Six Years Into The U.S. Depression & The Echoes Of The 1930's

John Maynard Keynes defined a depression as "a chronic condition of sub-normal activity for a considerable period without any marked tendency either towards recovery or towards complete collapse."

People associate the period during the 1930's as a ten year "complete collapse" but the majority of the decline occurred during the initial 1929-1930 phase. The ten year period that followed was best described by Keynes' definition above.

Depressions tend to occur every 75 years throughout history, and the U.S. entered the most recent depression in December of 2007. We are now over six years in. There are differences between the 1930's depression and today's, the most obvious being the monetary policy response used by the Federal Reserve. In the 1930's the U.S. experienced severe deflation, where today the Fed has managed to keep inflation alive with over $3.5 trillion printed so far.

In the 1930's deflation stocks, bonds, real estate and wages all declined simultaneously. Banks failed and debtors had a more difficult time paying back debt.

On the opposite side of the coin, deflation provided a benefit to savers. The cost of living fell precipitously, which means if a wage earner experienced a reduction in their salary, their cost of living fell in tandem.

Governments hate deflation for many reasons, but one reason is that a decline in the cost of living is a raise to every person living in that country that cannot be taxed. What does that mean? If a person's salary increases by $5,000 in a year the government may take 40% of that raise through taxes. If the cost of living falls by $5,000 in a year the citizen keeps 100% of that benefit.

Those that saved their money instead of speculating in the bubblicious stock market of the late 1920's saw that they now received a far higher return on their savings when interest rates rose after the crash.

Unemployment during the 1930's reached a high water mark of 25% before slowly working its way lower through the remaining portion of the decade.

Calculating unemployment using the same methodology today shows that it crossed 20% after the current depression began in 2008 and has moved steadily higher since (blue line below).

The majority of U.S. jobs created since 2009 have been in the lower paying or temp job category.

Many stocks in the U.S. fell by over 80% from their 1929 peak to the low in 1932. They then rallied over 420% into 1937 before rolling over again. Most forget that one of the greatest cyclical rallies in stock market history occurred during a depression. 

Many stocks in the U.S. fell by over 50% from late 2007 into the 2009 low. They have since rallied over 170% into 2014.

Coming off a GDP decline in 2008, GDP growth has been anemic (reaching a high of 4 percent in the fourth quarter of 2009 and moving range bound around 1 to 2 percent since). GDP is not contracting, but it has been in "a chronic condition of sub-normal growth for a considerable period," as Keynes defined a depression in the quote above.

Why are we still lingering in a zombie-like state five years into this cyclical recovery? It is due to the actions taken since 2008 to "save the world." Removal of bank's mark to market accounting, the nationalization of the housing market, the new government induced student loan bubble (choking off potential growth of the younger generation drowning in debt), massive government spending programs and endless injections of the the QE monetary heroine are just a few of the toxic programs that have not allowed the system to cleanse.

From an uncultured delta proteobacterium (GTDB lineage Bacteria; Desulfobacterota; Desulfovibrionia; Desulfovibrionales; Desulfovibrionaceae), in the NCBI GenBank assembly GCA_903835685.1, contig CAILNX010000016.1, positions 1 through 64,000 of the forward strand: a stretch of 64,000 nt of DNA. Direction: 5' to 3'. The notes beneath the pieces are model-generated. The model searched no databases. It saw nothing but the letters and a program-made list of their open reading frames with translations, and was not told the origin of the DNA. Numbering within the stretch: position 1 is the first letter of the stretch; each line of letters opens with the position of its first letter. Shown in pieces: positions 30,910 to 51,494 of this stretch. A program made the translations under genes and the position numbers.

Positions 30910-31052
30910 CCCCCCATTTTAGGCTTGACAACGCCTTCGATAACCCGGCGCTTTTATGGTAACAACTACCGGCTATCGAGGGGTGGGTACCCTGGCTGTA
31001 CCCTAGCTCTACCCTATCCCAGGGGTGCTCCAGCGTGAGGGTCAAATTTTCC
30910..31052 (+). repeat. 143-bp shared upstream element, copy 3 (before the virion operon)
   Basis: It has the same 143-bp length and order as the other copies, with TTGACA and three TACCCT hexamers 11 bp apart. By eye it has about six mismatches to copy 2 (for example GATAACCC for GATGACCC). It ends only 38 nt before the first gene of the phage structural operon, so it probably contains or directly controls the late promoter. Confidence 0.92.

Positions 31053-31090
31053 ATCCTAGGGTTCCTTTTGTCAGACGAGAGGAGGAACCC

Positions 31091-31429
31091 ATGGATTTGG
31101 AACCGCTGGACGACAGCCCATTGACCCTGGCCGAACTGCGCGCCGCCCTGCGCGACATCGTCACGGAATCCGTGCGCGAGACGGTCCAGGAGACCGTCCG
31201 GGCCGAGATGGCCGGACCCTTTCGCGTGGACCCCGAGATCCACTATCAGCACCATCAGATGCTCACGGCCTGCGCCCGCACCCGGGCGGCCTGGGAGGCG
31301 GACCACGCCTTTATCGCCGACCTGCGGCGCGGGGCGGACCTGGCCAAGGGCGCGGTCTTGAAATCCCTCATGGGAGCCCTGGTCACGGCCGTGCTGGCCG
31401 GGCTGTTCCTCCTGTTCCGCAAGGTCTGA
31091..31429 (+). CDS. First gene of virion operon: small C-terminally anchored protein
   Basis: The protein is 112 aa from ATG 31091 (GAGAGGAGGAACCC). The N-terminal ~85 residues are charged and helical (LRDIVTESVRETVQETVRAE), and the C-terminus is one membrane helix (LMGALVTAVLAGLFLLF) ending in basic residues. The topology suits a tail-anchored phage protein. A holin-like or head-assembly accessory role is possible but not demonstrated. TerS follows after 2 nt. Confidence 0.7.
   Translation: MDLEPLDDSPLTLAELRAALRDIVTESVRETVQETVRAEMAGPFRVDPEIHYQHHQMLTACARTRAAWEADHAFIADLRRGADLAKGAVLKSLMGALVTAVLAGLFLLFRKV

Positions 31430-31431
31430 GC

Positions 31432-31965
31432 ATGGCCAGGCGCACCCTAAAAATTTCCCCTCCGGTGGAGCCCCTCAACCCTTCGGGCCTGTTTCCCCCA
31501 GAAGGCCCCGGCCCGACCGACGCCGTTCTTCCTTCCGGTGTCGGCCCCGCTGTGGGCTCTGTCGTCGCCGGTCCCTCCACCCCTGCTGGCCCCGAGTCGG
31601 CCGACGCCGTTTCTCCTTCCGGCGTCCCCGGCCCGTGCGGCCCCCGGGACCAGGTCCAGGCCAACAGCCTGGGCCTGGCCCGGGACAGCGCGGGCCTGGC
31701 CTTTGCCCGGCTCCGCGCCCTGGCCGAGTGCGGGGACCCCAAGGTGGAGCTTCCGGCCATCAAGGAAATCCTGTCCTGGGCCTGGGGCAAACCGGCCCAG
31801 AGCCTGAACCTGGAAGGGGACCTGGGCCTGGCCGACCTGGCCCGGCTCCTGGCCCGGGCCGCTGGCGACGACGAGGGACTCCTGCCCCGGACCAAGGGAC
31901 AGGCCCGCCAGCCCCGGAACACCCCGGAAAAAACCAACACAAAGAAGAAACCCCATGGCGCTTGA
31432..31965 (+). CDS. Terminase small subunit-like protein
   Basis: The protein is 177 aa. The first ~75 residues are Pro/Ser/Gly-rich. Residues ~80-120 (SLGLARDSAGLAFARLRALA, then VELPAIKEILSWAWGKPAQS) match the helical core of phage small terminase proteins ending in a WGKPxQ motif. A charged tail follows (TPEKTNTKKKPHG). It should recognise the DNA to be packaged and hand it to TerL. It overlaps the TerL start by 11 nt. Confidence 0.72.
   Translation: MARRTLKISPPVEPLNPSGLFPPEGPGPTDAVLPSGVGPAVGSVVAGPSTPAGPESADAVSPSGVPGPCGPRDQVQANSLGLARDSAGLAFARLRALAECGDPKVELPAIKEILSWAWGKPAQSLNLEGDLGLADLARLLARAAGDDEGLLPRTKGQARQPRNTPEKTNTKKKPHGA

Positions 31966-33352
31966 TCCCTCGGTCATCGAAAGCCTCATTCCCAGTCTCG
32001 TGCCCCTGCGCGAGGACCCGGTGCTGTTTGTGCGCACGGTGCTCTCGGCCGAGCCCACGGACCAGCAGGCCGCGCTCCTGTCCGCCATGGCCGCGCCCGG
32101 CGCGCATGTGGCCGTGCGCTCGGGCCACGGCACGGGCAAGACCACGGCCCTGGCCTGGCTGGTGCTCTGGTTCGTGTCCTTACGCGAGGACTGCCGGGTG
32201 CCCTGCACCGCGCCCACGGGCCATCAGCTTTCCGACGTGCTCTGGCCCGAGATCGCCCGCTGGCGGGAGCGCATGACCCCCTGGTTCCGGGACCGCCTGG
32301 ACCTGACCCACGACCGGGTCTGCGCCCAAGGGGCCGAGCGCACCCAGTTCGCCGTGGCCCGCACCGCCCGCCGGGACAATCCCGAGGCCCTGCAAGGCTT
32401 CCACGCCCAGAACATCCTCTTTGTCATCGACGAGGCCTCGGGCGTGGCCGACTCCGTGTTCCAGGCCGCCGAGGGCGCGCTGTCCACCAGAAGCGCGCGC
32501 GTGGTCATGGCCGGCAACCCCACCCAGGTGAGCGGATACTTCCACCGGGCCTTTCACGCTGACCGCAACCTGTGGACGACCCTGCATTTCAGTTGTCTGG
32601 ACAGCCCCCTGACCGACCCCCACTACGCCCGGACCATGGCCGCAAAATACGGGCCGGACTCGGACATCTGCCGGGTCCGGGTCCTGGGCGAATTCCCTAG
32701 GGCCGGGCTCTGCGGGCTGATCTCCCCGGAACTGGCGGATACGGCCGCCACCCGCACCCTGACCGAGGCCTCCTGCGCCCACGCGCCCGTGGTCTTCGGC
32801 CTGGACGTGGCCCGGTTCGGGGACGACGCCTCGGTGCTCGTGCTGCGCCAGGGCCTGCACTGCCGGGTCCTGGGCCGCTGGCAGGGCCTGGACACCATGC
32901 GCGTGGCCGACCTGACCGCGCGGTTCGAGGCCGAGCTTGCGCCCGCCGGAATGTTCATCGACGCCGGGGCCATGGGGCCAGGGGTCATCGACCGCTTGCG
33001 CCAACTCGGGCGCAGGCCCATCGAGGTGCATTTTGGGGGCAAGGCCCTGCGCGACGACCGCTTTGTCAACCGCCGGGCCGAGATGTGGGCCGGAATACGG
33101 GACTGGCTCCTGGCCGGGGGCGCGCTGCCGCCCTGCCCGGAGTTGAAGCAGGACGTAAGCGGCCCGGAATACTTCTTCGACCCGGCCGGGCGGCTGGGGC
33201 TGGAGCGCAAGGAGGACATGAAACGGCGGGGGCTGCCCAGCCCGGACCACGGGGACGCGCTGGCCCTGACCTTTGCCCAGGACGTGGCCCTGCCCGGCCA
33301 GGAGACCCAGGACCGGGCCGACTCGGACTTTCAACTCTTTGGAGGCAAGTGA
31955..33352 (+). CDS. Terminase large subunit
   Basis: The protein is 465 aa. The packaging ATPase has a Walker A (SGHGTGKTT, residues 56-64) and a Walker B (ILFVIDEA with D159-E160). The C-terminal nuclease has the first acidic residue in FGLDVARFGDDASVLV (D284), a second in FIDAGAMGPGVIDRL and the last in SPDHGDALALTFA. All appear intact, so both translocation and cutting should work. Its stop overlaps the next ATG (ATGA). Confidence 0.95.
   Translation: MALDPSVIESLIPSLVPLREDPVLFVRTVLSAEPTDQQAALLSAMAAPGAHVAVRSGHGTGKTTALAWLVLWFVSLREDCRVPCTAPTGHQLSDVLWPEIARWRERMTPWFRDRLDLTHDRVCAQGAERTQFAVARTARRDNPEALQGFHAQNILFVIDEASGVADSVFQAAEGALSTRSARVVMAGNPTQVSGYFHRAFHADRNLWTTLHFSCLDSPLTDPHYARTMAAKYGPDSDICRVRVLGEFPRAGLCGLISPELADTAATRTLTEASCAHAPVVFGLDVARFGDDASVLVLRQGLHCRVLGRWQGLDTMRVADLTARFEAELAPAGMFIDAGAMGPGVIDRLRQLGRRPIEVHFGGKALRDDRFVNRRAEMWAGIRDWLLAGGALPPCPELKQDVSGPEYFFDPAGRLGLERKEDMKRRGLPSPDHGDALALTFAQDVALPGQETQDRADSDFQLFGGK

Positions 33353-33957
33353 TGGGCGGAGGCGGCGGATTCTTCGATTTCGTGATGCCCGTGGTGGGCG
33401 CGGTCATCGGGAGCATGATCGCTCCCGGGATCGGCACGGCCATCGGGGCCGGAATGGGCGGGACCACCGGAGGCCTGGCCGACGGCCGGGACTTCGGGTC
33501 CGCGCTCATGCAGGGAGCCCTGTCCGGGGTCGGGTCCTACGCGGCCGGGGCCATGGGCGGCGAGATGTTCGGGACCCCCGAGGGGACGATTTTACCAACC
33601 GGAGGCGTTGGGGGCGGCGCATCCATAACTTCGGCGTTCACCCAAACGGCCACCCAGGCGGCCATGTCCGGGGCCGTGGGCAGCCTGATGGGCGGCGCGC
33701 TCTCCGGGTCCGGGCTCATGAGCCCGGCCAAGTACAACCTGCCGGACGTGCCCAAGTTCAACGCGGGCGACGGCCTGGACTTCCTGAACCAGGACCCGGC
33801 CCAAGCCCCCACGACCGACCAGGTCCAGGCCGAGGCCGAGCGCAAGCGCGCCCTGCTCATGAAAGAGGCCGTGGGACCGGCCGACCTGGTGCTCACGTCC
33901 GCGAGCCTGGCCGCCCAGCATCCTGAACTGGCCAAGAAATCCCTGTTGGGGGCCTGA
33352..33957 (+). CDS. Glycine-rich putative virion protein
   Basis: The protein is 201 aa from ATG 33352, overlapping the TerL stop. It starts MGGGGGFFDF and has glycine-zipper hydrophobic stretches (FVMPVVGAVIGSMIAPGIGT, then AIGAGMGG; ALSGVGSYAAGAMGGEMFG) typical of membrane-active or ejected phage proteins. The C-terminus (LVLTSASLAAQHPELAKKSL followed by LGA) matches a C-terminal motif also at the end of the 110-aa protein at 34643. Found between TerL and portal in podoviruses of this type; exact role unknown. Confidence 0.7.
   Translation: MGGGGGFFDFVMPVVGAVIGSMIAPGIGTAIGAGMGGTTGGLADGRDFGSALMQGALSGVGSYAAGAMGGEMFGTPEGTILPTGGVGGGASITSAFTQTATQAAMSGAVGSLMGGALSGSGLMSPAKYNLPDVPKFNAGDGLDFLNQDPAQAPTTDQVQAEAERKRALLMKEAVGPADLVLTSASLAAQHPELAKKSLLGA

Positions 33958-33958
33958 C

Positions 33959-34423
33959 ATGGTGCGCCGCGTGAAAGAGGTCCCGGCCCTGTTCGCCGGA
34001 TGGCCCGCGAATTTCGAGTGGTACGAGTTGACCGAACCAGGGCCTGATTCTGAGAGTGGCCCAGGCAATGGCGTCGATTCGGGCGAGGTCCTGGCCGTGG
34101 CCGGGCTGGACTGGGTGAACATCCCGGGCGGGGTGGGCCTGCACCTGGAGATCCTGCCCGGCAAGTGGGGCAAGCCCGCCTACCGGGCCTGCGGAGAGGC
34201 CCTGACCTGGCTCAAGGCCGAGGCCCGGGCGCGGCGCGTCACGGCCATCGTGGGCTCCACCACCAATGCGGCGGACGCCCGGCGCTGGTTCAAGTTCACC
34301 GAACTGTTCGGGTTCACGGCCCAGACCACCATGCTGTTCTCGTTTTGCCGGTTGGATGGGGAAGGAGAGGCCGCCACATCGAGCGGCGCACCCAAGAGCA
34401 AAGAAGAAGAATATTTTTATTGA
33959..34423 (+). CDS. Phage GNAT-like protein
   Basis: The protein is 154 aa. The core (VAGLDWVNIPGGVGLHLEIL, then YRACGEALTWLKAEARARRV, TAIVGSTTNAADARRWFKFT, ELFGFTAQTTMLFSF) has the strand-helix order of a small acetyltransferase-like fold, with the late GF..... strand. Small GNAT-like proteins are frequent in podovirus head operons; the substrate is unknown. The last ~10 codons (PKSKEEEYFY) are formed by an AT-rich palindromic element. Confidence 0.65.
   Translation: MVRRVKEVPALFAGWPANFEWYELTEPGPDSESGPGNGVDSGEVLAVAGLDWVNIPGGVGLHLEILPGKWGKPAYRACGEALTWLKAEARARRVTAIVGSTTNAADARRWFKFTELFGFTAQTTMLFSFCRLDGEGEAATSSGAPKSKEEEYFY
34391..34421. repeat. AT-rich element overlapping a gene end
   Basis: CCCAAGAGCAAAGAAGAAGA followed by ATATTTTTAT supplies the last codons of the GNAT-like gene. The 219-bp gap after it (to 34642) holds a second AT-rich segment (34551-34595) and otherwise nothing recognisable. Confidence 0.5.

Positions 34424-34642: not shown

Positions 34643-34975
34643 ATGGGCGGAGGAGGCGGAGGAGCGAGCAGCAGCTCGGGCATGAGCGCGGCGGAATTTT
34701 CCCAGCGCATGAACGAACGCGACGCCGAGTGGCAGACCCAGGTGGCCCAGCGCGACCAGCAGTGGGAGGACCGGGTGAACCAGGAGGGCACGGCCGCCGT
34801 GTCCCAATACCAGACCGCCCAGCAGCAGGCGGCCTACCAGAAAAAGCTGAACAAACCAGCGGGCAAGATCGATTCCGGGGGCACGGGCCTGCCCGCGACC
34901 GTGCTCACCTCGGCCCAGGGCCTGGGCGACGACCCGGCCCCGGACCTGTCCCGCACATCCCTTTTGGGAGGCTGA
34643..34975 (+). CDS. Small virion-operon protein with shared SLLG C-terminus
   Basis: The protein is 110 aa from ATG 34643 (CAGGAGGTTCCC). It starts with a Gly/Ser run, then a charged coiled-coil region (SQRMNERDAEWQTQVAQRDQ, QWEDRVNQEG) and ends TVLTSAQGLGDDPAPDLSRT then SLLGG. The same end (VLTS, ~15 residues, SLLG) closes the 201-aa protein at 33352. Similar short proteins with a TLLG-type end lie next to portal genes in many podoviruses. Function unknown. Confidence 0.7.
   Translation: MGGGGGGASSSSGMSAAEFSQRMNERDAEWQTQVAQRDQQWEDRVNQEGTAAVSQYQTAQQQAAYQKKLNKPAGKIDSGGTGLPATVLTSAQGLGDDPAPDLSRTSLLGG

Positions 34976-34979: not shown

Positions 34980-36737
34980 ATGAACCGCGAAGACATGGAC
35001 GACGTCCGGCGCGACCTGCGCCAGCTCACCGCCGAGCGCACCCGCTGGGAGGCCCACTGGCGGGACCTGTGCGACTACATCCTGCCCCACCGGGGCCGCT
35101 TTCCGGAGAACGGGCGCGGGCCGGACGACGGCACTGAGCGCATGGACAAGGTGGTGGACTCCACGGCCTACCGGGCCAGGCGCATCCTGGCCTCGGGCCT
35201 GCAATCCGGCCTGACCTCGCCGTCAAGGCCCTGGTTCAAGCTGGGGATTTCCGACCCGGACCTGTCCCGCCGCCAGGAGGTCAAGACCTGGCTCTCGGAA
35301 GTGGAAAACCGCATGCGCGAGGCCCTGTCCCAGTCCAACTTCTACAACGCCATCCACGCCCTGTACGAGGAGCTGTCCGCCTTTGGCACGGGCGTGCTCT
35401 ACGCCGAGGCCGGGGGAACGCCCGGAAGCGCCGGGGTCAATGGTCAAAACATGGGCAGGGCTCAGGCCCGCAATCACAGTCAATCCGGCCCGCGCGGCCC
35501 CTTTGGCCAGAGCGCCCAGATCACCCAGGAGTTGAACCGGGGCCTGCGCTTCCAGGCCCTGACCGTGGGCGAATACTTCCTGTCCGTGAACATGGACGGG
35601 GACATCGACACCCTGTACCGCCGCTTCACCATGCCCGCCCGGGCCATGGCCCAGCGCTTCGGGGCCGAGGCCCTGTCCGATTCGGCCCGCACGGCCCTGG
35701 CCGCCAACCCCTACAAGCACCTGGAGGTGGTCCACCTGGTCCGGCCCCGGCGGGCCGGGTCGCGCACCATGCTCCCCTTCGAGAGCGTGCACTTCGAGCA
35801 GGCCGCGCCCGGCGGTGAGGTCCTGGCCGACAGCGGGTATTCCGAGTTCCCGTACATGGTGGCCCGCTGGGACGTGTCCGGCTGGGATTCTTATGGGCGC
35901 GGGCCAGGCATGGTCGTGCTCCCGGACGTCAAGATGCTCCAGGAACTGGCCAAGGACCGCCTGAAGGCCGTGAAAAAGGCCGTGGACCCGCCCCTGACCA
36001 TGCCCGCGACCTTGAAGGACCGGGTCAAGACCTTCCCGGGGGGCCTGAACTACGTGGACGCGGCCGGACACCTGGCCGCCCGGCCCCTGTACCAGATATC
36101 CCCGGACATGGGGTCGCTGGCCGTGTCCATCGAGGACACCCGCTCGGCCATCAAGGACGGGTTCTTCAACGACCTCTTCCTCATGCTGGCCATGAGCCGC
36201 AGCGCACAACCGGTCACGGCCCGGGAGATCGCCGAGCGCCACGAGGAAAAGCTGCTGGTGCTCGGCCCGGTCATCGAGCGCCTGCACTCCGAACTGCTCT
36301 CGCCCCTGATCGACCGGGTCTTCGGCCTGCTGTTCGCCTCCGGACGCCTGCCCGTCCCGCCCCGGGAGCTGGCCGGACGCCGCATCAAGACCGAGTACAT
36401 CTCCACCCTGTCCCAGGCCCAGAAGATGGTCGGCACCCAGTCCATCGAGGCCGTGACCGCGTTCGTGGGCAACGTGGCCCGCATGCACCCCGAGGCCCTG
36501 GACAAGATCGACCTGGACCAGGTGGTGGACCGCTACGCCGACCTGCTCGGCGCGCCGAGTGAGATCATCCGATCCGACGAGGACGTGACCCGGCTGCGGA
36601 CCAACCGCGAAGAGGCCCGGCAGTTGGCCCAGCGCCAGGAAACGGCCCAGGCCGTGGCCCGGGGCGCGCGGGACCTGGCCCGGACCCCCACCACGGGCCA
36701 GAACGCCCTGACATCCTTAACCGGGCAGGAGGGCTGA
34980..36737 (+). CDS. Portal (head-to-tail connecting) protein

If U.S. leaders had allowed the economy to enter into a much deeper and protracted downtown (cleanse) in 2009 and 2010, the country would be experiencing far higher levels of real growth today from a much stronger foundation. Cleansing would have involved allowing bank stocks to be wiped out, bond holders to take a hit, toxic loans nationalized and then sold off as they were during the 1990's savings a long crisis.

There is no need to go on and on about what should have happened because it didn't happen. However, knowing what should have happened will be important in understanding why the U.S. economy, which is a house of cards built on quicksand, will collapse again.

A recession is a cyclical decline, meaning that monetary stimulus and government spending have the ability to bring the economy back to life. Hypothetically, you can then tighten monetary and reduce the deficits during the next period of growth (this is the Keynesian textbook play).

A depression is a structural decline, meaning that monetary stimulus and government spending only add a layer of poison to a cancer that needs be cleansed. There are no economists today that have models going back to the last depression so they are continuously confused why their tools have only make the problem worse.

The next collapse will be larger than the last, and it will come at a time when the world economy around the United States is far weaker than it was when the depression began in late 2007. In the United States we have a stock bubble, bond bubble and a real estate bubble in some sectors of the market (farmland, apartments, bigger city office and retail, some residential markets). It will be interesting to see how the Federal Reserve handles the next decline when its chips are now already "all-in" the pot.